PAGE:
May 2007
Volume 48, Issue 13
ARVO Annual Meeting Abstract  |   May 2007
Association Between Age-Related Macular Degeneration and Five-Year Mortality Among Medicare Patients
Author Affiliations & Notes
  • F. Yu
    Ophthalmology, JSEI, UCLA, Los Angeles, California
    UCLA School of Public Health, Los Angeles, California
  • E. Anastasopoulos
    Ophthalmology, Papageorgiou Hospital, Aristotle University of Thessaloniki, Thessaloniki, Greece
  • A. L. Coleman
    Ophthalmology, JSEI, UCLA, Los Angeles, California
    UCLA School of Public Health, Los Angeles, California
  • Footnotes
    Commercial Relationships F. Yu, None; E. Anastasopoulos, None; A.L. Coleman, None.
  • Footnotes
    Support by the Center for Eye Epidemiology, Jules Stein Eye Institute, University of California Los Angeles, CA, and by an unrestricted grant from Research to Prevent Blindness, New York, NY.
Investigative Ophthalmology & Visual Science May 2007, Vol.48, 2094. doi:
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      F. Yu, E. Anastasopoulos, A. L. Coleman; Association Between Age-Related Macular Degeneration and Five-Year Mortality Among Medicare Patients. Invest. Ophthalmol. Vis. Sci. 2007;48(13):2094.

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      © ARVO (1962-2015); The Authors (2016-present)

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Methods:: Medicare beneficiaries with AMD in 1995 were identified by International Classification of Diseases, Ninth Revision (ICD-9) diagnoses codes from a 5% random sample of Medicare databases (Centers for Medicare and Medicaid Services (CMS) 5% Physician/Supplier Part B Files), including neovascular AMD (ICD-9: 362.42, 362.43, 362.52), non-neovascular AMD (ICD-9: 362.51) and early AMD (ICD-9: 362.50, 362.57). Patients were excluded if they were under 65 years of age, did not reside in the 50 United States or the District of Columbia, did not have Part-B coverage, had HMO coverage that was not processed by CMS, or lacked follow-up information. Five-year mortality rate from 1995 to 1999 was then determined by the death code in the CMS 5% Denominator files. Multiple logistic regression models were applied to estimate the effects of AMD on the five-year mortality rate, adjusted for potential baseline risk factors, including demographic factors (age, gender, race/ethnicity, CMS region of residence, and length of follow-up) and clinical factors (the indicators for the presence of primary open-angle glaucoma, cataract, hypertension, cardiovascular disease, cerebrovascular disease, diabetes, and hyperlipidemia).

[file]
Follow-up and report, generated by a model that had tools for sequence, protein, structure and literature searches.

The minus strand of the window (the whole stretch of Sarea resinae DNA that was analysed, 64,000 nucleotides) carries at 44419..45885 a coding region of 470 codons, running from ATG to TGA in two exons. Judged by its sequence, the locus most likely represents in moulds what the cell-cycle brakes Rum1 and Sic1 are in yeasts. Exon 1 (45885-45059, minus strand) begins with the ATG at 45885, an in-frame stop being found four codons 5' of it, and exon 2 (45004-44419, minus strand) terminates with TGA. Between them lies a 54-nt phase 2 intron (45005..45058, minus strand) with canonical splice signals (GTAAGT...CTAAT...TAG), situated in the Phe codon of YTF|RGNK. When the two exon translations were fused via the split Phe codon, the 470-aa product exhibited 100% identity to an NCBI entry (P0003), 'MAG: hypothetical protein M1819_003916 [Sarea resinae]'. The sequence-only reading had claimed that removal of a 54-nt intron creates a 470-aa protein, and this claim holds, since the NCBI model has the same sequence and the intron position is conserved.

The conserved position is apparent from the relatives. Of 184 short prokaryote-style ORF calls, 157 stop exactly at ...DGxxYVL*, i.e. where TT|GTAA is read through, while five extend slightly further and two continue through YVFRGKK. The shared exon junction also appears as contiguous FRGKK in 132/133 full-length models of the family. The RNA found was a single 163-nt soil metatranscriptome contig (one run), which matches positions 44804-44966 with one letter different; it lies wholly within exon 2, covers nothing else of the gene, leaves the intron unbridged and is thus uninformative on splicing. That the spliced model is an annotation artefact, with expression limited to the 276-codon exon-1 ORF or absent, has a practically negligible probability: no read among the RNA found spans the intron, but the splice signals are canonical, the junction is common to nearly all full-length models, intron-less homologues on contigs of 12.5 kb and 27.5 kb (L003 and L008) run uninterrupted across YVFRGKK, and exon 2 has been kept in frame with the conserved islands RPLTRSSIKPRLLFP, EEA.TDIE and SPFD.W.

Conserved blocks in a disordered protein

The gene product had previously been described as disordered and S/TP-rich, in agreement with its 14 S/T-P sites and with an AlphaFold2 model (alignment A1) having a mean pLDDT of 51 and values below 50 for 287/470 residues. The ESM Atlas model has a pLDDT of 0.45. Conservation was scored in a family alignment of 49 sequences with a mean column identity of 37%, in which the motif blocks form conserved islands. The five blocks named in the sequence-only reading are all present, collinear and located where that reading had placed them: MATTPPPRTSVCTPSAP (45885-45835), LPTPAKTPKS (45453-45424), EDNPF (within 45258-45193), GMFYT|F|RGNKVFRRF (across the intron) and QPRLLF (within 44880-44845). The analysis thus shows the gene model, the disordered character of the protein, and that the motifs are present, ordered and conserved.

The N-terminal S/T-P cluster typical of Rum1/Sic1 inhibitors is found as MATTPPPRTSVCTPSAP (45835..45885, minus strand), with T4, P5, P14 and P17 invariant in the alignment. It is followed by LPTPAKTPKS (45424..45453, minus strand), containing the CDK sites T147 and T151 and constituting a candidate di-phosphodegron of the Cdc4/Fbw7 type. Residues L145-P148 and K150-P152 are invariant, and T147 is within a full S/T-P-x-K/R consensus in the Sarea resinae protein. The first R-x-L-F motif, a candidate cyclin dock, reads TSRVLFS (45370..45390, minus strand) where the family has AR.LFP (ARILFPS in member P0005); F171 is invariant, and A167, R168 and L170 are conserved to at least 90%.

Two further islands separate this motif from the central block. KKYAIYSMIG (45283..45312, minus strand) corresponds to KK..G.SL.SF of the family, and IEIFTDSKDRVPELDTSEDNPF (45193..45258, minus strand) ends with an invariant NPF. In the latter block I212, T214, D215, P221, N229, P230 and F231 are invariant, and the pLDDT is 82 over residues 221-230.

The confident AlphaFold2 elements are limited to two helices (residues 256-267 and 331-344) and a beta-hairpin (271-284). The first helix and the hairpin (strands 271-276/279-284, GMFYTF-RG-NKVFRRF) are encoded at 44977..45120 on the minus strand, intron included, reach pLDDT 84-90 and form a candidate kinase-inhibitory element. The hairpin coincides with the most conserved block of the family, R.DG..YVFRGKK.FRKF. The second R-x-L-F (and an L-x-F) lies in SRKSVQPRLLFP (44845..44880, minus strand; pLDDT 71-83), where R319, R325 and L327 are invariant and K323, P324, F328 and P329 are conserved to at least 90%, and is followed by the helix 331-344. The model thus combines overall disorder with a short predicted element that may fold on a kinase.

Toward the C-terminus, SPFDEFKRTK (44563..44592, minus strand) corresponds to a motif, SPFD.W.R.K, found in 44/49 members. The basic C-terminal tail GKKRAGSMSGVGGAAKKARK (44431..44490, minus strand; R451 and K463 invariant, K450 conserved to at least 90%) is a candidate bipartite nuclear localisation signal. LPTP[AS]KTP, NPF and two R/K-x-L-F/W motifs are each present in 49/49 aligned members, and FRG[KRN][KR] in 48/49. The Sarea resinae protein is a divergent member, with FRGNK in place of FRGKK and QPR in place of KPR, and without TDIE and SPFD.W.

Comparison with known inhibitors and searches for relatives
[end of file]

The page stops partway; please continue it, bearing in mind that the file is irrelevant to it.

Results:: Among 1,223,796 eligible Medicare patients in the 5% sample, a total of 82,017 (6.7%) AMD patients were identified in 1995, including 9,224 (0.8%) neovascular AMD patients, 29,267 (2.4%) non-neovascular AMD patients, and 43,526 (3.6%) early AMD patients. The overall five-year mortality rate was 26%. There was no relationship between any AMD and five-year mortality rate in the adjusted model (OR=0.98; 95% CI: 0.96, 1.00). Compared with patients without any AMD, there was a significantly lower mortality rate in neovascular AMD patients (OR=0.87; 95% CI: 0.82, 0.92) and a slightly higher mortality rate in non-neovascular AMD patients (OR=1.03; 95% CI: 1.00, 1.07).

Conclusions:: Although there was no association between any AMD and the 5-year mortality rate in the fully-adjusted model, which is consistent with the results from the Beaver Dam Eye Study and the Blue Mountain Eye Study, neovascular AMD patients have significantly lower mortality rates and non-neovascular AMD patients have slightly higher mortality rates. These findings warrant further exploration.

Keywords: age-related macular degeneration • clinical (human) or epidemiologic studies: outcomes/complications 

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